Middle children can present a paradox of personalities, because of the fact that they are very much influenced by the first born of the family. They might strive to be a lot like the older sibling, but more typically they go the opposite direction (often as far as possible!) Middle children are said to be careful who they open up to, often keeping their feelings to themselves. Middles might struggle with their sense of identity and belonging, which often leads them to run with the pack.
Middles have been known to experiment with riskier behaviors than other birth orders, possibly as part of their search for an identity. However, middles are known to grow up well–being creative problem solvers, and great negotiators. (Think Donald Trump.) Middles are also said to be the most loyal marriage partners of any birth position.
A short list of famous “middle children”: Abraham Lincoln, Bill Gates, Jennifer Lopez, George Bush, and Donald Trump. If you have a middle, you can let them know: over half of the American Presidents have been middle children.
For those of us raising middle children, we should rest assured that they are very likely to grow up to be well adjusted adults, with a happy life. Heck, maybe they’ll be President one day. But we still worry, don’t we? If you have a middle child, then you might wonder if you are giving him or her enough attention. You might wonder what they’re thinking, because they aren’t so quick to share. You might see them getting squeezed between their siblings, and just hope that they are really doing ok.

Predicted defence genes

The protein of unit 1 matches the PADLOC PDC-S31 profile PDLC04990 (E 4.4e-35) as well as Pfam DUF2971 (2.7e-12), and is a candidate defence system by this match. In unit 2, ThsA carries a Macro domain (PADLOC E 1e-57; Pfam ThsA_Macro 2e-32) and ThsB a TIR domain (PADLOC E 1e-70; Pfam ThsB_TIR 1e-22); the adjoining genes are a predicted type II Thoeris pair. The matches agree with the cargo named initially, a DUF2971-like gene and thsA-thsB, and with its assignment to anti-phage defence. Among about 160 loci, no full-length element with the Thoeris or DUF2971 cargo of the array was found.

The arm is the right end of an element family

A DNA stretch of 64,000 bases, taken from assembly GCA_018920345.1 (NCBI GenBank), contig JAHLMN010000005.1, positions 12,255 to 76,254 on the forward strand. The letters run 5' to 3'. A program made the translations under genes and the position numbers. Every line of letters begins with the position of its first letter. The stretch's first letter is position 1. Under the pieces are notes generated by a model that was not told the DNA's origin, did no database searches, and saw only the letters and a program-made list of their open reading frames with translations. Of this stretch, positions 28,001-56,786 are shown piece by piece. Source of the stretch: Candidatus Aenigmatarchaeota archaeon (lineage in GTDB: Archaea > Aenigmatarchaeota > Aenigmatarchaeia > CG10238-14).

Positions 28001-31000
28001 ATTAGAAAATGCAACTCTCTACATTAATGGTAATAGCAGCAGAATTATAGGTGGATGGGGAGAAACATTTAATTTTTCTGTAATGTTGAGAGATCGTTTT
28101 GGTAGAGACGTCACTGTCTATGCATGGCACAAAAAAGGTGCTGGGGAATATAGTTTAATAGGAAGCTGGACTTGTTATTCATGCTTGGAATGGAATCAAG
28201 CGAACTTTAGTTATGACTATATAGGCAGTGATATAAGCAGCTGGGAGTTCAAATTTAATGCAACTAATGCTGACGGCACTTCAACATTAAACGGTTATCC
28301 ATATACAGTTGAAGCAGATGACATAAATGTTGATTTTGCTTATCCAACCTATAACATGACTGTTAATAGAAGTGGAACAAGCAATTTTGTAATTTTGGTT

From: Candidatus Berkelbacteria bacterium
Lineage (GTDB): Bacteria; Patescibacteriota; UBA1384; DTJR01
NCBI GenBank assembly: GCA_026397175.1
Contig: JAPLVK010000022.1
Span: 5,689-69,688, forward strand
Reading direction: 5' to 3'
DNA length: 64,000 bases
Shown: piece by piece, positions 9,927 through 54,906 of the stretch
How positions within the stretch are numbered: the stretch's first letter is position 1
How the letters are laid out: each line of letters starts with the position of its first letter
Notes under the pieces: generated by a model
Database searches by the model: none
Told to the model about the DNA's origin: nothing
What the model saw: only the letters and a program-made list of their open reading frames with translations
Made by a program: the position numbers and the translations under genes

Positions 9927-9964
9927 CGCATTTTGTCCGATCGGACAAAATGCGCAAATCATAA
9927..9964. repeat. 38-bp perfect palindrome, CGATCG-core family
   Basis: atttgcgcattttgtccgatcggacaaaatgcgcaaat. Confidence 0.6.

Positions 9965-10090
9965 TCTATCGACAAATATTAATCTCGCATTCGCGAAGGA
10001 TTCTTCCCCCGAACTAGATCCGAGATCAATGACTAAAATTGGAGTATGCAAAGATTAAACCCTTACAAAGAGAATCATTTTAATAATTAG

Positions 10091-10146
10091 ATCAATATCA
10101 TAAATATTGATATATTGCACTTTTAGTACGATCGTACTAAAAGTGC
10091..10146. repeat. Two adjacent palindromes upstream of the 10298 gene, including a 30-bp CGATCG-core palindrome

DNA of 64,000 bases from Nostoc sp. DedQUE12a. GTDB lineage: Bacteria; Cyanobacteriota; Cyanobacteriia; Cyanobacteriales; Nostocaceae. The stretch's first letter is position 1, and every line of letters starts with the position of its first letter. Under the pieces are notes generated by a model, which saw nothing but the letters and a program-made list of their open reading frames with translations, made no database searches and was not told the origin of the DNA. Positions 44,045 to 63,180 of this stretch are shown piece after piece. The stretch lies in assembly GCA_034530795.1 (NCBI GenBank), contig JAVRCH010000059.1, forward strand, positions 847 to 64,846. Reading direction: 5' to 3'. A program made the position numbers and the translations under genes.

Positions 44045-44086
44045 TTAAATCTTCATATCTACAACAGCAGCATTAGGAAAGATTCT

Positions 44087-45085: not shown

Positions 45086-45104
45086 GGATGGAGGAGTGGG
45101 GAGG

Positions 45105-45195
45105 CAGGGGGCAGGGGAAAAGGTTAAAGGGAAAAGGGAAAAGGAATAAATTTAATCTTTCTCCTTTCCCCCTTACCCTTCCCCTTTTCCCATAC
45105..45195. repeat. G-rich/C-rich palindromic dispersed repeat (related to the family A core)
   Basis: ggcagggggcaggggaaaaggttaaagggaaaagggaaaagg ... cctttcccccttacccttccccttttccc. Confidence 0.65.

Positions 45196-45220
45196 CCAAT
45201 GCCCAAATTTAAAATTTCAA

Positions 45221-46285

So after a lot of study, experience, and observation, I have created a list of…
1. Unconditional Love and Attention
Middles often feel compared to their (typically over-achieving) older, and (often attention-seeking) younger siblings. Giving them your time and focused attention without any expectations is really important. They need to know that they are loved simply because they are.
2. A Listening Ear
Middle children are known to feel overlooked and ignored. Over time they often learn to just step back and let the older and younger sibling get all of the attention. Setting aside time to just listen to your middle child will meet them in a very special way.
If you have a more typical first-born, chances are that they have proven very capable. It is easy to let them own this role, while the middle and younger kids ride on the benefits. Don’t do it! Make sure that you are teaching that middle child to do just as much work and contribute to the home as much as the first born has done. (It may be different tasks or roles, but make sure they do something!) This will communicate to your middle that he or she is not only a part of the family, but that the family actually depends on them. It will also help your middle child to grow up managing responsibilities well, which is a character trait sometimes lacking in the more free-spirited middle child.